The Georgetown Chamber of Commerce and Industry (GCCI) has written to the United States EXIM (Export-Import) Bank, asking the financial institution to disregard efforts to thwart funding for the Guyana Government’s model Gas-to-Energy Project (GtE) project.
Back in April 2023, it was announced that Guyana had applied for a US$646 million loan from the US Exim Bank to finance the Gas-to-Energy project, which includes the construction of an Integrated Natural Gas Liquid (NGL) plant and a 300-megawatt (MW) combined cycle power plant at Wales, West Bank Demerara (WBD), utilising natural gas from the country’s offshore operations in the Stabroek Block. That loan is still being processed by the US-based financial institution.
However, on behalf of Elizabeth Deane-Hughes and Vanda Radzik, international lawyer, Melinda Janki, wrote the Bank on January 12, 2024, urging it to withhold funding for the project. In the letter, the lawyer informed President and Chair of the US EXIM Bank Board of Directors, Reta Jo Lewis, of a ruling by the Guyana High Court that the Environmental Protection Agency’s decision to grant the permit to Esso Exploration & Production Guyana Limited (EEPGL) – ExxonMobil’s local affiliate – for the project was “contrary to law and was improper.”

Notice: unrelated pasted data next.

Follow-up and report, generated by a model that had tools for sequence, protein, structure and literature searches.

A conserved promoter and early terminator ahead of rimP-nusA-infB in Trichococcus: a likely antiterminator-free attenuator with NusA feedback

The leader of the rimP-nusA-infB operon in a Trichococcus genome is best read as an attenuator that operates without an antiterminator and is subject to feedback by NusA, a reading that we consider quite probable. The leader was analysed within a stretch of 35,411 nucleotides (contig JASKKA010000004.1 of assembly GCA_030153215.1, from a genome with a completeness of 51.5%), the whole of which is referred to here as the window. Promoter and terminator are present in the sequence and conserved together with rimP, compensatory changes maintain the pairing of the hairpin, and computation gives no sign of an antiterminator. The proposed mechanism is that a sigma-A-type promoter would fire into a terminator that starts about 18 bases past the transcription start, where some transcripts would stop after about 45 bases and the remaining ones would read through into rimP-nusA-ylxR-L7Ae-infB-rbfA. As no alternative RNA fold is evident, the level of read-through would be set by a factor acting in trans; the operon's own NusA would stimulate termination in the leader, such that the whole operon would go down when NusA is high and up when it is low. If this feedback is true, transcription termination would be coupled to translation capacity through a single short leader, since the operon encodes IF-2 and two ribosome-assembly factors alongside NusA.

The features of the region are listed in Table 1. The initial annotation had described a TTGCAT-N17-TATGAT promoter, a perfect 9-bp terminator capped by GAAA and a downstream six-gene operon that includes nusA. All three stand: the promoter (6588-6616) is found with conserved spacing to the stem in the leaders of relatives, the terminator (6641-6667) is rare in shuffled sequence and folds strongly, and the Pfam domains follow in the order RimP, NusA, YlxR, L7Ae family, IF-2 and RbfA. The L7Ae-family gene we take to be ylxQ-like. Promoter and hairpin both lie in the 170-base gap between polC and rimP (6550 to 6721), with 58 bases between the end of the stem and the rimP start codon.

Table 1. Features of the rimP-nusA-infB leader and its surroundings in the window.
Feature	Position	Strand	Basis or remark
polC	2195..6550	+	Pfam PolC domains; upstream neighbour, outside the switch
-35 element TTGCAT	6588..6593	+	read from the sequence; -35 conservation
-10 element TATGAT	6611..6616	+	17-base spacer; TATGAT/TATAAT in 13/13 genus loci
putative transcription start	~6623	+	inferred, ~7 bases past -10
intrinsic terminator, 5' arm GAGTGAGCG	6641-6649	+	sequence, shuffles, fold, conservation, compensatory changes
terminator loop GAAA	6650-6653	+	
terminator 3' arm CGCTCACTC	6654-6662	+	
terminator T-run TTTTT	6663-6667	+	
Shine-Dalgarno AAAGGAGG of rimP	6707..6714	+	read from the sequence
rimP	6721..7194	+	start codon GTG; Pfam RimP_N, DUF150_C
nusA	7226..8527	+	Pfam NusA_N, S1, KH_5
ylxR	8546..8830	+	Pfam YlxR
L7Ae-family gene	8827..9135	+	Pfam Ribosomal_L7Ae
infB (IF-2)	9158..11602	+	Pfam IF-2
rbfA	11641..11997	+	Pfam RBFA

As such, the lawyer asked the EXIM Bank to “respect the rule of law in Guyana” and “not provide funding for any project which is based on a decision that is ‘contrary to law’.”
In a letter dated, February 7, 2024, GCCI’s President Kester Hutson indicated to the US Bank President that the Guyanese business sector fully supports the GtE project, which he described as a “watershed initiative” for the country and its people.
According to the Chamber’s President, the funding from the US Exim bank will significantly contribute to Guyana’s energy transition, reduce reliance on fossil fuels, and promote sustainable practices.
“This project is anticipated to reduce electricity cost by approximately 50 per cent – a material change in the cost of electricity for Guyanese citizens and enterprises alike.
The GCCI sees this project as having immense potential to drive economic growth, enhance energy security, and promote sustainable development in the Western Hemisphere,” Hutson said.